The optimal virologic and immunologic stage at which to initiate antiretroviral therapy in individuals infected with human immunodeficiency virus type 1 (HIV-1) is undefined.
Among 1054 HIV-1–infected women in a prospective cohort study, we determined the time from initiation of highly active antiretroviral treatment (HAART) to acquired immunodeficiency syndrome (AIDS) and death.
Median follow-up was 3.4 years. Of 553 women without AIDS at HAART initiation, 62 (11%) developed AIDS. Compared with women with CD4+ cell counts greater than 350/µL at HAART initiation, women with cell counts of 200 to 350/µL and less than 200/µL had relative hazards (RHs) for progression to AIDS of 0.93 (95% confidence interval [CI], 0.46-1.86) and 2.48 (95% CI, 1.39-4.42), respectively. Compared with those with HIV-1 RNA values less than 5000 copies/mL, women with 5000 to 50 000 copies/mL and greater than 50 000 copies/mL had RHs of 1.39 (95% CI, 0.74-2.64) and 2.09 (95% CI, 1.09-3.99), respectively. Among women with AIDS at HAART initiation (n = 501), RHs of death were 1.97 (95% CI, 0.84-4.66) and 3.35 (95% CI, 1.59-7.08) with CD4+ cell counts of 200 to 350/µL and less than 200/µL, respectively, relative to those with greater than 350/µL, and 1.90 (95% CI, 0.84-4.30) and 3.70 (95% CI, 1.81-7.54) for those with HIV-1 RNA values of 5000 to 50 000 and greater than 50 000 copies/mL, respectively, relative to those with less than 5000 copies/mL.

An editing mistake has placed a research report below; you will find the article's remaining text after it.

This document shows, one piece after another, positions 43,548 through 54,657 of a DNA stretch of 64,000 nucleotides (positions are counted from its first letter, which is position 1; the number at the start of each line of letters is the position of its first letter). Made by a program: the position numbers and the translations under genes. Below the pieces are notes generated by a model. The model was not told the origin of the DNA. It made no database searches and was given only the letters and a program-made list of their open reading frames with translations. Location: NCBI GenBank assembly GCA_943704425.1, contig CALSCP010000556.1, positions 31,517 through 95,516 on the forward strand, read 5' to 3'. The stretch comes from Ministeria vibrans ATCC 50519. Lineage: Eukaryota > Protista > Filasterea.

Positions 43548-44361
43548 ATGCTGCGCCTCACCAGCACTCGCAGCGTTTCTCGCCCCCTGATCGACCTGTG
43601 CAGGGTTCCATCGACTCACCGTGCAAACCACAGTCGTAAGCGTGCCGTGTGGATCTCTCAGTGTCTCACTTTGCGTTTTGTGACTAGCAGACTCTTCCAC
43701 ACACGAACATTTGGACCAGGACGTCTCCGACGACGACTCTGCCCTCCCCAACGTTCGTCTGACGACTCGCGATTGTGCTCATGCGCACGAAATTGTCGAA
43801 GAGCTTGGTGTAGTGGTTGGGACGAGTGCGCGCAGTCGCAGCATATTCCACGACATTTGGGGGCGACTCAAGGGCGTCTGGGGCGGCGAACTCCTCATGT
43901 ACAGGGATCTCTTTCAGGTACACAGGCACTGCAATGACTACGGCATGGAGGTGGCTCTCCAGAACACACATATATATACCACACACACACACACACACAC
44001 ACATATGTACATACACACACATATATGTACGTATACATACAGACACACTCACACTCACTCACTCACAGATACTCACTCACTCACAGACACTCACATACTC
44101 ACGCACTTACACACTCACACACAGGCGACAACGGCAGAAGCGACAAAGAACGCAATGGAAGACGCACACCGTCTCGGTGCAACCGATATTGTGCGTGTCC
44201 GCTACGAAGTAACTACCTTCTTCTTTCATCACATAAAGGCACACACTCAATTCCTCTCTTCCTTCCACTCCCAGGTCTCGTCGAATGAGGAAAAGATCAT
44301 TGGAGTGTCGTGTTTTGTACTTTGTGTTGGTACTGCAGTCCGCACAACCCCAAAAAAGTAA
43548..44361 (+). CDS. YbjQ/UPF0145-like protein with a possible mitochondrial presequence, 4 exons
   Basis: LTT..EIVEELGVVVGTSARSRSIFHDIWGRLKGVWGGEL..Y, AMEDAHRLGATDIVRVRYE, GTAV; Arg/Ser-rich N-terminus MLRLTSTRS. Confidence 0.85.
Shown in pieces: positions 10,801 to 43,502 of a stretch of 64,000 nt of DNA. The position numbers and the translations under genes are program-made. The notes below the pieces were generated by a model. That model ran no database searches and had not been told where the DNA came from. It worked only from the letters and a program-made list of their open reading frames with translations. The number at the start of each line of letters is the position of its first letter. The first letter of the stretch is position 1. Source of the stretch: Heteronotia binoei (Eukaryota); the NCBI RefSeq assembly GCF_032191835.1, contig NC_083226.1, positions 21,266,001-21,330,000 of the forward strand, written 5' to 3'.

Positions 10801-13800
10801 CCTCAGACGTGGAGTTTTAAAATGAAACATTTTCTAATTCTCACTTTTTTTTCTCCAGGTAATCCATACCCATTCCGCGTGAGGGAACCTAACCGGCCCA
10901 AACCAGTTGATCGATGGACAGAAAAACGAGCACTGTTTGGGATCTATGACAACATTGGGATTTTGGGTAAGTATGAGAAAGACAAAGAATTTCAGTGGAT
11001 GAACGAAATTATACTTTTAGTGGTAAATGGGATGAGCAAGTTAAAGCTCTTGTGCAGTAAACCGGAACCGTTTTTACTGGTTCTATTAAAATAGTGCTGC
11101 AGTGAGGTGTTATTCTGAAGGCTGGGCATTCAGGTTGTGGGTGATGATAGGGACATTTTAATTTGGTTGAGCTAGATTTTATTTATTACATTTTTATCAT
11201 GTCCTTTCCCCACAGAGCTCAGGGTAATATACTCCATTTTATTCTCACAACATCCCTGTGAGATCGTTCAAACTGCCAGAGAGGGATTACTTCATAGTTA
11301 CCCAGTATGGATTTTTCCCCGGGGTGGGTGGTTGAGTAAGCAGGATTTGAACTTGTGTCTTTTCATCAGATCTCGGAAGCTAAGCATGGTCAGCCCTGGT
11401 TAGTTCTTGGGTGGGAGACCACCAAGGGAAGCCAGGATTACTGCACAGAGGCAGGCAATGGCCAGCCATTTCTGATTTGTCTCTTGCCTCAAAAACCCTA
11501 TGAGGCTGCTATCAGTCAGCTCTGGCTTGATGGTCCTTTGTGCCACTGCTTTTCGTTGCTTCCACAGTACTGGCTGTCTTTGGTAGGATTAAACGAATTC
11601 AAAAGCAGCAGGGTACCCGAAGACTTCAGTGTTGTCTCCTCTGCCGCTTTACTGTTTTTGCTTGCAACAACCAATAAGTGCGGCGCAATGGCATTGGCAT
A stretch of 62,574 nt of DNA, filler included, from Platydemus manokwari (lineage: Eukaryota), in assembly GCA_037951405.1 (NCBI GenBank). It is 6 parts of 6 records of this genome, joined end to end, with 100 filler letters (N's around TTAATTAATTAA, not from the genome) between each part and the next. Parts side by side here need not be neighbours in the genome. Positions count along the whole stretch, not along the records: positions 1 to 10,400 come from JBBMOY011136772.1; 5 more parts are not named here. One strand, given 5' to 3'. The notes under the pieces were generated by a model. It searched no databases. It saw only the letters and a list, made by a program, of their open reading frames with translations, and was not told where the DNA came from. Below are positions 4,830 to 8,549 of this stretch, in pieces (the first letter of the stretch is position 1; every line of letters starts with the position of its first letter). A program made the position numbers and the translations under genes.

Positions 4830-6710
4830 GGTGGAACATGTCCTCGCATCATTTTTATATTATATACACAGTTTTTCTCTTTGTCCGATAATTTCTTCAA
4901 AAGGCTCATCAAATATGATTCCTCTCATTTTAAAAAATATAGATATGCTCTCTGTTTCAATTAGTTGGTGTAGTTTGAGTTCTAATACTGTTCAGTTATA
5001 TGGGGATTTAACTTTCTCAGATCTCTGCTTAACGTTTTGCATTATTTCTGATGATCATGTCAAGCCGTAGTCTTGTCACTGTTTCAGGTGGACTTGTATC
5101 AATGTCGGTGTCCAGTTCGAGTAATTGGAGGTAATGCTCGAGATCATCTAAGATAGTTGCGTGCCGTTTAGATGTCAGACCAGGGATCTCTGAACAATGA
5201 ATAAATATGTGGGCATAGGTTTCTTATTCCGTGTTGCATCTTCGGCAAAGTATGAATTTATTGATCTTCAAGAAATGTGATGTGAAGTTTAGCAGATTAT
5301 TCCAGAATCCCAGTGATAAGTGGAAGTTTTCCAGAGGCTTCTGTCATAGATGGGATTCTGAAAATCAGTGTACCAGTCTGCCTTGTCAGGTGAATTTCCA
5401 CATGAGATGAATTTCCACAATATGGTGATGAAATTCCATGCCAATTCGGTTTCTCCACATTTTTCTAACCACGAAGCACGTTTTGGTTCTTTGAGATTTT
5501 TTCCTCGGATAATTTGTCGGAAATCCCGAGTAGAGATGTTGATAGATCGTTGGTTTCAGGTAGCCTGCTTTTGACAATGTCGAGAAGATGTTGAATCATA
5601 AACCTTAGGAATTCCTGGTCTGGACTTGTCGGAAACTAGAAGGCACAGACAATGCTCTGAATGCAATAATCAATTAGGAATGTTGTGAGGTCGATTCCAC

Progression to AIDS and death was predicted by pre-HAART values of less than 200/µL for CD4+ cells and greater than 50 000 HIV-1 RNA copies/mL, indicating that deferral of HAART until the CD4+ cell count is between 350 and 200/µL is a valid strategy in the clinical management of HIV-1 infection.